The UN Human Rights Council investigation (OISL) into the crimes committed during the final stages of the Sri Lankan civil war in May 2009 is expected to present its findings to the UNHRC in September 2015. OISL called for witnesses to give their accounts of Sri Lanka during the war; the Sri Lankan Government (GoSL) reacted by increasing fear and intimidation on the Tamil population in general and on the people publicising the OISL call in particular.
Most of the witnesses who came forward to OISL had fled the country since 2009. They provided compelling stories of the events they witnessed. But they did so under OISL assurances of anonymity fearing for the lives of their relatives in Sri Lanka. They fear for their lives if they go back to Sri Lanka and in numerous UK court cases, their fear has been found to be valid.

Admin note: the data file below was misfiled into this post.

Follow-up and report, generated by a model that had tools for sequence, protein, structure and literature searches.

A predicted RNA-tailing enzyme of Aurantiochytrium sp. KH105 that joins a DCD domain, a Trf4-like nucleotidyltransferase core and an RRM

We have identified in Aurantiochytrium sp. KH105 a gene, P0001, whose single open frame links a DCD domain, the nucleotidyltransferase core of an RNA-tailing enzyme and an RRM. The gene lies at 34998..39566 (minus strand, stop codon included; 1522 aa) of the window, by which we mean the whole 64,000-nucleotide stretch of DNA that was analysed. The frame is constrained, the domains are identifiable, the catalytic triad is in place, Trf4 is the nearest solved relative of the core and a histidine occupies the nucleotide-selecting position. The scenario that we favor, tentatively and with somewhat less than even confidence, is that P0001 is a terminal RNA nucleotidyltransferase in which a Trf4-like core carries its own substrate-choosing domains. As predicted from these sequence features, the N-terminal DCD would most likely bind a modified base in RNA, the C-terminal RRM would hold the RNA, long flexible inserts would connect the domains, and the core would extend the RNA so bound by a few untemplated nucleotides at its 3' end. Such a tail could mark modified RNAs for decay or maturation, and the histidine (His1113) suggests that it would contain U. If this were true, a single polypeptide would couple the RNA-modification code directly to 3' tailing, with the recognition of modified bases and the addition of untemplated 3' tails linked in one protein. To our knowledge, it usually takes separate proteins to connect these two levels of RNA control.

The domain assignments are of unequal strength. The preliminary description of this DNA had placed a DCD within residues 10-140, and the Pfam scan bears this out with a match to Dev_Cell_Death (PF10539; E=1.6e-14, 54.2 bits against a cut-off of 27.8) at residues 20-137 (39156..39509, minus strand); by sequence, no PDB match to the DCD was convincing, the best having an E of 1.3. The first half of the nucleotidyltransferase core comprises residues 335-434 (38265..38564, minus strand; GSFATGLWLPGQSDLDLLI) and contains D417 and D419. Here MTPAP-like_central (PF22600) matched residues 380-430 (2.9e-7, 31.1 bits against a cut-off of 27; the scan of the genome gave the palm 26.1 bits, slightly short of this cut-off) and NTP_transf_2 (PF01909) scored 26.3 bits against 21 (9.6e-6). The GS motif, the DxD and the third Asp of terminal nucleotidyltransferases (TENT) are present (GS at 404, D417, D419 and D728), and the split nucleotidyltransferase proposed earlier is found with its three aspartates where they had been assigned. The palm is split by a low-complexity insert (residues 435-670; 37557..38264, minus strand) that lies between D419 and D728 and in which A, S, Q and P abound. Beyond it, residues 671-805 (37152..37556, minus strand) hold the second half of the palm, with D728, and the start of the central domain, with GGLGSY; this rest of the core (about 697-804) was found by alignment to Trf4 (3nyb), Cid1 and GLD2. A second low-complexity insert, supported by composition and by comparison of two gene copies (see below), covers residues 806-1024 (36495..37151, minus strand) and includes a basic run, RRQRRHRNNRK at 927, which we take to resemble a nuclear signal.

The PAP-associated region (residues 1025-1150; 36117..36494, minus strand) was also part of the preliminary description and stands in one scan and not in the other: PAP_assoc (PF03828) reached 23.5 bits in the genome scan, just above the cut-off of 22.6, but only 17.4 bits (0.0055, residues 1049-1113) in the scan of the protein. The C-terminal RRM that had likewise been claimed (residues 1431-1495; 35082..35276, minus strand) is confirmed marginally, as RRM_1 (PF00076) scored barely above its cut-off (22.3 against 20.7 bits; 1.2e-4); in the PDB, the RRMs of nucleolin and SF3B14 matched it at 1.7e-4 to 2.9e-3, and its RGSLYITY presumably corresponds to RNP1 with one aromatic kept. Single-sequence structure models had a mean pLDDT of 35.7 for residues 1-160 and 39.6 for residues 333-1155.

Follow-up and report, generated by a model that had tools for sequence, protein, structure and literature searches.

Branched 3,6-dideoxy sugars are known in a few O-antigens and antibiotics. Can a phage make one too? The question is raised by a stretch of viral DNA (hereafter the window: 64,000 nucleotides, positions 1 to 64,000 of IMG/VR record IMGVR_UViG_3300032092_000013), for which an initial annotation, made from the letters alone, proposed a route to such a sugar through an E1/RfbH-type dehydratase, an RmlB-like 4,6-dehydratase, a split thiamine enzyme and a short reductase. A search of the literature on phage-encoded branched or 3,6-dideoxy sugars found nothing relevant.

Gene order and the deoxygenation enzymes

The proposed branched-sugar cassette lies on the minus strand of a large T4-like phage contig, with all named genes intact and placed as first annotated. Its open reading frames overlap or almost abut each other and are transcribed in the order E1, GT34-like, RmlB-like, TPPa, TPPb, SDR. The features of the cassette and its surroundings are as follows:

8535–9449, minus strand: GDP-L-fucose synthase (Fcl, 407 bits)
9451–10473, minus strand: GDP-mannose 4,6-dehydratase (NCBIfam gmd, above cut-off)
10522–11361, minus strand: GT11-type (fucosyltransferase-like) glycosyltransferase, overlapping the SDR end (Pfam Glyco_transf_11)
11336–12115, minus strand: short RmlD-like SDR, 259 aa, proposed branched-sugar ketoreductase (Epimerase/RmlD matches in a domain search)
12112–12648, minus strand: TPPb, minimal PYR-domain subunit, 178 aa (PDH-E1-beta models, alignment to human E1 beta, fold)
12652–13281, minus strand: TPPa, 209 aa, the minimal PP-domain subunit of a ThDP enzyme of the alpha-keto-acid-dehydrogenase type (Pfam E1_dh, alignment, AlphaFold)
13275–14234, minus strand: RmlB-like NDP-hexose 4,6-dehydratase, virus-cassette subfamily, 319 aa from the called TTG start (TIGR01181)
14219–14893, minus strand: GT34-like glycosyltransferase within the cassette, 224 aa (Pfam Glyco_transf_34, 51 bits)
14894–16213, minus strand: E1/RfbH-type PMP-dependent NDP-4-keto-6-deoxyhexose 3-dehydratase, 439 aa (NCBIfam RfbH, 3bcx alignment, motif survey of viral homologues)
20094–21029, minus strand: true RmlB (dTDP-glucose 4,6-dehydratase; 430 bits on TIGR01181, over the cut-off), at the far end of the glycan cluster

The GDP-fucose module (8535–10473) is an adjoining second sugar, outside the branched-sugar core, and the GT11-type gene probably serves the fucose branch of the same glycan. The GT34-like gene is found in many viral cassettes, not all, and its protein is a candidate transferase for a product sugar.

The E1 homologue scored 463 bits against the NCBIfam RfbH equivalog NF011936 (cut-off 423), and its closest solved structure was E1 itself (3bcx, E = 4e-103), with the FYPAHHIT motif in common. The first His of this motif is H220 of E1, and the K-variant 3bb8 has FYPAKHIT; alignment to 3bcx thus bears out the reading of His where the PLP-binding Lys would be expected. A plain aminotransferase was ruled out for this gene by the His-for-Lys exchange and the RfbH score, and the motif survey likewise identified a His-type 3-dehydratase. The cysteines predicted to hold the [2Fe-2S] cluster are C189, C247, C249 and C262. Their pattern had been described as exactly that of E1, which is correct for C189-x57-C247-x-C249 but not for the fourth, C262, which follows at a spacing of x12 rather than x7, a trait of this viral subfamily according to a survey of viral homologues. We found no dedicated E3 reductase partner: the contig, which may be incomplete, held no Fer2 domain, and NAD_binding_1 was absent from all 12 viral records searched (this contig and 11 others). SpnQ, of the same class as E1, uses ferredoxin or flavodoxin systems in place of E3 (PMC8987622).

Sri Lanka is not a safe place for witnesses. The current UNHCR guidelines, which came into effect in December 2012, recognise certain ‘Witnesses of Human Rights Violations’ and ‘Victims of Human Rights Seeking Justice’ as a category of persons at risk in Sri Lanka. This was reaffirmed in the (current) United Kingdom asylum country guidance case
which found that individuals who have “given evidence … implicating the Sri Lankan security forces, armed forces or the Sri Lankan authorities in alleged war crimes” are at “real risk of adverse attention or persecution on return as potential or actual war crimes witnesses.” Thus, if prosecutions are conducted in Sri Lanka, the vast majority of witnesses who contributed to the OISL will not be able to provide evidence.
GJ and Others (post-civil war returnees_ Sri Lanka CG  UKUT 00319 (IAC) [7(d)], reaffirmed by the Court of Appeal in MP, NT v Secretary of State for the Home Department  EWCA Civ 829]